For my 2020 reading endeavors, I set a special goal to DECOLONIZE my reading list, especially upon realizing that most of the 43 books I read in 2019 happened to be written by straight, cis, white men. So despite considering books to be my most valuable source of information, especially in our wonky news media world, it also seemed that this source of knowledge was rather biased as it lacked the voice and perspectives of women, people of color, and those from other marginalized groups of people – rather ironic as I myself fall into this category.
So for 2020, in order to expand the scope of authors I was exposed to, I made a rule to simply exclude one category of authors: cis, straight, white men. And it turned out that it’s not easy to get around an overrepresented and dominant group. But I managed by expanding beyond my typical genres of sciences and personal development to other forms of writing, including fiction and memoirs, totaling 31 books for the year. And what I found in this new assortment of authors was nothing short of an incredible richness in storytelling, setting, and perspective. And despite being engulfed in a greater breadth of new worlds and narratives, for the first time I felt rather comfortable in these spaces. Simply because the voices sounded a lot like my own. That the subconscious feeling of alienation, as a person from a marginalized background, didn’t apply anymore as I was among others like me. What a discovery!
Below’s the near full list of books in the order I read them (I left off two as they were of a very personal nature). And some quick stats regarding these 29 books:
– 8 authors of South Asian descent
– 10 authors of East Asian descent
– 8 authors are African American
– 18 (more than half) by women
– 20 were fiction
Educated, by Tara Westover
This book is a stunner and gripping one. It’s the story of a woman who grew up in the Idahoan mountainside in a household that held deep survivalist and conservative beliefs. Due to her father’s mistrust of institutions, she and all of her six siblings hardly attended school if at all and had all medical issues treated with herbalism at home. The real kicker is that this book is a memoir – reality is stranger than fiction for sure – and left me astounded in so many ways. For one, how everyone remained alive given the lack of medical treatment especially as much of the family did scrap metal and construction work through methods that would give an OSHA supervisor a heart attack. But more so that there’s so many relatable themes to unpack and digest: a power dynamic where the word of the father is law; choosing between one’s family and one’s future; contrasting family values against being “normal”; mental health and abuse; and especially what goes on in the mind of women in a world where men have all the power. This piece marvelously captivating, profoundly vulnerable, and poetically written.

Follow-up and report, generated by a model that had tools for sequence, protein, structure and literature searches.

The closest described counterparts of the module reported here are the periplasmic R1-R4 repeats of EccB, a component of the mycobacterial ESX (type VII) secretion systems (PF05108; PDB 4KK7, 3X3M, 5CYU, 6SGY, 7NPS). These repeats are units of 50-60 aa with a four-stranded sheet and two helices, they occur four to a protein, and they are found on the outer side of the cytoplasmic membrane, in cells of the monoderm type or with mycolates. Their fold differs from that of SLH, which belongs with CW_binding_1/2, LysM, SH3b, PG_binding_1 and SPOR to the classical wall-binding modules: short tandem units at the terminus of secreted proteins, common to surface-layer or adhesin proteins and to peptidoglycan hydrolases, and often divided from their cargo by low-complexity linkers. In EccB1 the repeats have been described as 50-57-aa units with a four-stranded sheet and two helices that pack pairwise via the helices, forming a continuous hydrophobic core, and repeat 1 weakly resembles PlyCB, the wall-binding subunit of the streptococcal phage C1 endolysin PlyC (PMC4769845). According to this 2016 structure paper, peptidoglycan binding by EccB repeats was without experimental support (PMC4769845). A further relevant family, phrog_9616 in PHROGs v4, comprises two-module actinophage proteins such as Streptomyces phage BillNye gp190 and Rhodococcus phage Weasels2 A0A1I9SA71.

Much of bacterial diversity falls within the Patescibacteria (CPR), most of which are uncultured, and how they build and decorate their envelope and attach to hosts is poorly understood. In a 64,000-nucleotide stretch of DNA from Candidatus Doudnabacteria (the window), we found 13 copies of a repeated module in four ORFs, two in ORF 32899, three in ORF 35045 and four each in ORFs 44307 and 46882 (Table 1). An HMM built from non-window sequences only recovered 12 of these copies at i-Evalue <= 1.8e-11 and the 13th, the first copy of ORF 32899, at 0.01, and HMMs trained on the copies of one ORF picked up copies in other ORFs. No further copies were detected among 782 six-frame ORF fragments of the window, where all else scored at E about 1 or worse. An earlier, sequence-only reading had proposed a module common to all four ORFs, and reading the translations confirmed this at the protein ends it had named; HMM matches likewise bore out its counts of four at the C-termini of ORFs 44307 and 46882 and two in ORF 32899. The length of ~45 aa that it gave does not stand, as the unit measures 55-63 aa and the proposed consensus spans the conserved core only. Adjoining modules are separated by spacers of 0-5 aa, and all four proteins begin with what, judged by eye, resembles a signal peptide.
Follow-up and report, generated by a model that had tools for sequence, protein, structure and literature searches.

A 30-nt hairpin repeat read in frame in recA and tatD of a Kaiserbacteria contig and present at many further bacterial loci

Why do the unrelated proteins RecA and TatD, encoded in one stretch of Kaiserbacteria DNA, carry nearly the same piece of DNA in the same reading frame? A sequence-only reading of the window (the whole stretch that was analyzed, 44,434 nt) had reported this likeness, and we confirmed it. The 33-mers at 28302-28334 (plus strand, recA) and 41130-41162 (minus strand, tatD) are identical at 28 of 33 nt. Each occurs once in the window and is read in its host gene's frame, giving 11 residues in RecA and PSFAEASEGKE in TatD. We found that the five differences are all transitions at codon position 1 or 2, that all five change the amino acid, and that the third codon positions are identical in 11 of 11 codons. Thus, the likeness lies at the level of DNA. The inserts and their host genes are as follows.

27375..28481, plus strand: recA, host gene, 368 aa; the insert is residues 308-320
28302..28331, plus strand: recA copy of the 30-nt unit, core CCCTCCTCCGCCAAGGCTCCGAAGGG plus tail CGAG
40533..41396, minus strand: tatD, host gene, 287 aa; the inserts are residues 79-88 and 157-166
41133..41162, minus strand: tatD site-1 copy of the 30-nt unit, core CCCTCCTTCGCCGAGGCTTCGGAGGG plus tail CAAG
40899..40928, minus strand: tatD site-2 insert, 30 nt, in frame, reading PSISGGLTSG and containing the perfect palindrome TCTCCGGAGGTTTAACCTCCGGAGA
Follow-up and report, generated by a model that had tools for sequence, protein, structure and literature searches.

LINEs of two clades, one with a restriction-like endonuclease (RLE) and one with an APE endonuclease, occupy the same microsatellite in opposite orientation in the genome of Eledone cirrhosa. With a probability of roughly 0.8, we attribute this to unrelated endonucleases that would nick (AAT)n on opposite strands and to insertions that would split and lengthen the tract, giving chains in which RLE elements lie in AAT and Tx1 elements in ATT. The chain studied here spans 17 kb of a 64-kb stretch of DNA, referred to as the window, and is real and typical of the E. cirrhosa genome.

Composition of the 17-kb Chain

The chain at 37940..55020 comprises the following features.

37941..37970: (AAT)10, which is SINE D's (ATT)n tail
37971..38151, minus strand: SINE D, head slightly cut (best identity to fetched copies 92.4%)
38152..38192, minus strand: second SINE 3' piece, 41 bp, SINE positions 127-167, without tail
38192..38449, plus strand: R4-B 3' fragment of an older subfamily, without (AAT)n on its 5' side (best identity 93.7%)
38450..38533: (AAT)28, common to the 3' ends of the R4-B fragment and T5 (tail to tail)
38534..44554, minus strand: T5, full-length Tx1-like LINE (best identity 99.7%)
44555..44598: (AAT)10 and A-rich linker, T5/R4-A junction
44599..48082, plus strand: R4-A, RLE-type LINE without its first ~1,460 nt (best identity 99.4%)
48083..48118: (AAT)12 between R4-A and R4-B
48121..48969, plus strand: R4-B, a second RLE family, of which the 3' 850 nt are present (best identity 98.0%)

The Majesties, by Tiffany Tsao
This novel appears cast as the dark side behind something of a “Crazy Rich Asians” story as it’s about an extended family consisting of ultra wealthy Chinese living in Indonesia. However, it goes so much deeper (well at least compared to the movie as I haven’t yet read the “Crazy Rich Asians” book series). The story centers on two sisters and is told from the perspective of one of them as she slingshots through memories across various points in time to slowly unravel the path their lives took leading to an ultimately tragic moment. The author delves into a number of themes including domestic abuse and the power structures women are relegated to, classism and racism, balancing family desires against ones own, and finding oneself too deep into a situation with no way out. Some readers might argue that the overall story falls a bit flat and while I wouldn’t disagree, I also don’t think it matters as the details in the themes are well drawn out gems. Either way, I couldn’t put this book down as it left me hungry for more and more.